- One of the key takeaways from this article is to understand the contrast between oxymercuration and acid-catalyzed hydration. Acid-catalyzed hydration will potentially give carbocation rearrangements, but oxymercuration will not.
- Another is the contrast between the Markovnikov selectivity of oxymercuration and the anti-Markovnikov selectivity of hydroboration.
- A third key point is to see the similarity in mechanism between oxymercuration of alkenes, halogenation of alkenes, and the opening of epoxides under acidic conditions.
Note 1. Alkylmercury compounds are highly toxic and should not be worked with without proper training and safety equipment. Dimethylmercury (CH3)2Hg is particularly dangerous and has been responsible for numerous fatalities. [See safety bulletin]
Note 2. Chatt says:
“Both cis- and trans-1-methoxy-2-chloromercuri)cyclohexanes prepared from cyclohexene can be distilled under reduced pressure without change. Except for their greater density they are typical organic compounds. “
Note 3. The structure of the carbon in the mercurinium ion is flatter and more sp2 like than the tetrahedral geometry of the sp3-hybridized carbon in an alkyl halide, which alleviates steric crowding somewhat.
Note 4. Interesting to note the relative reactivity of various alkenes towards oxymercuration. Monosubstituted alkenes are best. Tetrasubstituted alkenes are much slower. With tri- and tetrasubstituted alkenes it is sometimes necessary to use the more electrophilic Hg(OTFA)2.
Note 5. A useful scheme from Whitesides’ studies on the mechanism of demercuration that demonstrates a free-radical intermediate was present: demercuration with NaBH4, followed by trapping with oxygen (O2) led to a mixture of cis and trans stereoisomers. (J. Am. Chem. Soc. 1974, 96, 870)
Note 6. Here is an interactive model of the oxymercurinium ion formed from 2-methylpropene, courtesy of Rowan.
Note that this is the oxymercurinium ion of an unsymmetrical alkene. The C-Hg bond to the least substituted carbon is considerably shorter (2.25 Å) than the C-Hg bond to the more substituted carbon (2.76 Å – such a long bond that it does not even register as a bond in the modeling software).
This goes a long way towards explaining why attack occurs at the more substituted carbon; the C-Hg bond is much longer (and weaker!).
- Ueber das Verhalten von Mercurisalzen gegen Olefine
K. A. Hofmann, Julius Sand
Chem. Ber. 1900, 33, 1340-1353.
One of the earliest reports on the oxymercuration of alkenes, from 1902.
- The Coördination Complexes of Mercuric Ion with Cyclohexene
H. J. Lucas, F. R. Hepner, and S. Winstein
Journal of the American Chemical Society 1939 61 (11), 3102-3106
Possibly the first proposal for the mercurinium ion. From the doctoral research of Saul Winstein, who went on to have an exceptionally successful career in physical organic chemistry. Many familiar terms in common usage – “neighboring group participation”, “nonclassical ions”, “anchimeric assistance”, “intimate ion pair”, “internal return”, and “homoaromaticity” are his coinings. See here for a biography.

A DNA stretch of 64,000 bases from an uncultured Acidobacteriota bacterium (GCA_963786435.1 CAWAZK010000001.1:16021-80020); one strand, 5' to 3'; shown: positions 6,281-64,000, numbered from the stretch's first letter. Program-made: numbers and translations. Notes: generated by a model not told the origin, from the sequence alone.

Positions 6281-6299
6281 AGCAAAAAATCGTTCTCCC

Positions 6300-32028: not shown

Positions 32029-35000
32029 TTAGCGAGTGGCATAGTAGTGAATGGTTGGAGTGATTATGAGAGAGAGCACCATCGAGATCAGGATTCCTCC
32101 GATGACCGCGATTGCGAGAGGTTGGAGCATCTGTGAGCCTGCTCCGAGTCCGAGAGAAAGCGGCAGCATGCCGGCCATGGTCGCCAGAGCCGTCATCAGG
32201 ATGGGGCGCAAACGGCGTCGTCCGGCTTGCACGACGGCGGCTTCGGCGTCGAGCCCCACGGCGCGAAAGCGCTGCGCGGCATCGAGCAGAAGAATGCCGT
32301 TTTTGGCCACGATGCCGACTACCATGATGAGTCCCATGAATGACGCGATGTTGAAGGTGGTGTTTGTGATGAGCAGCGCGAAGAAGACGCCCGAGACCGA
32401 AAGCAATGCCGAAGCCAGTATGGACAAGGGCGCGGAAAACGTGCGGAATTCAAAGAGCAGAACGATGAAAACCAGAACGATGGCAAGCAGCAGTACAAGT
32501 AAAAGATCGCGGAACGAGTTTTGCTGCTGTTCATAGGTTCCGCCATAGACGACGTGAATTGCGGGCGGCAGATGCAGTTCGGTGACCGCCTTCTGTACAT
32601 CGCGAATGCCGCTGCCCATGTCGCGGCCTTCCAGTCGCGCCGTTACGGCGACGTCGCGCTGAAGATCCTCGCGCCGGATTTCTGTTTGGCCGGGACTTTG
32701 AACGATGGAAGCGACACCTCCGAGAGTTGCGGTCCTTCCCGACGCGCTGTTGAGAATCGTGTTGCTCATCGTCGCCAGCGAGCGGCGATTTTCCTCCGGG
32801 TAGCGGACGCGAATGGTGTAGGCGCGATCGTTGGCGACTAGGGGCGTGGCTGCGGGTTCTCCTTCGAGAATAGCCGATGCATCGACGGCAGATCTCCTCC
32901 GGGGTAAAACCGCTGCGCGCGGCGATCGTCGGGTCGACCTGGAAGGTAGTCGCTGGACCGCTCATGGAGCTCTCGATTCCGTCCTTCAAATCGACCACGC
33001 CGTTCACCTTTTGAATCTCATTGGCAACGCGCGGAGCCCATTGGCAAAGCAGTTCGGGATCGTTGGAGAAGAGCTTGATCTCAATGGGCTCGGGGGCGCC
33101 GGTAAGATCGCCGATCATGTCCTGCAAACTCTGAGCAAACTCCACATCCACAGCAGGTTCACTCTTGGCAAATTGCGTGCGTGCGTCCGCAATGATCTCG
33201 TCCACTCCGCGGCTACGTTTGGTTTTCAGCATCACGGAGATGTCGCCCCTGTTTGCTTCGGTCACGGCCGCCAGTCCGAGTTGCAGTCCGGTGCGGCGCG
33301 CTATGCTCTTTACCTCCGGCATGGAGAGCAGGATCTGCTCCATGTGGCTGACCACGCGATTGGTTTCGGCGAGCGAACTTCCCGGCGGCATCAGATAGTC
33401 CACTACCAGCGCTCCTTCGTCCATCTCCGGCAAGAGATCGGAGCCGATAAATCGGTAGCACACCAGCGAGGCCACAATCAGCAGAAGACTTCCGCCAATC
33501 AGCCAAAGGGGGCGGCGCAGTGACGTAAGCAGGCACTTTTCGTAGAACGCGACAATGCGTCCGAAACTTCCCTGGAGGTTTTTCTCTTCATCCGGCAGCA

- Solvomercuration-demercuration. I. Oxymercuration-demercuration of representative olefins in an aqueous system. Mild procedure for the Markovnikov hydration of the carbon-carbon double bond
Herbert Charles Brown and Philip J. Geoghegan Jr.
The Journal of Organic Chemistry 1970 35 (6), 1844-1850
The use of NaBH4 for removing mercury was a relatively late development. This paper from H.C. Brown’s group is an excellent introduction to oxymercuration with lots of examples on different classes of olefins, relative rate studies, and Markovnikov vs. anti-Markovnikov selectivities. If you were to read just one article on this list, this would be the one to read.
(See also JACS 1967 1522 for the initial communication)
- Reactions of alkylmercuric halides with sodium borohydride in the presence of molecular oxygen
Craig L. Hill and George M. Whitesides
Journal of the American Chemical Society 1974 96 (3), 870-876
Study of the mechanism of the demercuration step clearly shows that it goes through a free-radical mechanism. The intermediate radical can be trapped with molecular oxygen and gives a mixture of stereoisomers.
- Organomercury Compounds in Organic Synthesis
Richard C. Larock
Angewandte Chemie International Edition in English, 1978, 27, 17
Fairly short and useful review on organomercury compounds in organic chemistry; section 4 deals with oxymercuration.
- Addition Compounds of Olefins With Mercuric Salts
Chemical Reviews, 1951, 48, 7
Review of the older literature on oxymercuration up until about 1950, covering different mechanistic proposals.
- Studies on the Mechanism of the Oxymercuration of Substituted Cyclohexenes
Daniel J. Pasto and John A. Gontarz
J. Am. Chem. Soc. 1971, 93, 6902.
Good discussion here on the regioselectivity of oxymercuration to mercurinium ions with 4-t-butyl cyclohexenes. Includes a few examples of “anti-Markovnikov” addition products that form for stereoelectronic reasons.
- Solvomercuration-demercuration. V. Additions to bicyclic olefins. VI. Stereochemistry of the oxymercuration-demercuration of norbornene, 7,7-dimethylnorbornene, and related olefins
Herbert C. Brown and James H. Kawakami
Journal of the American Chemical Society 1973 95 (26), 8665-8669
Oxymercuration on very hindered norbornene system gives syn products. The authors propose that the mercurinium ion is in equilibrium with a transient cation.
- Ueber das Verhalten von Mercurisalzen gegen Olefine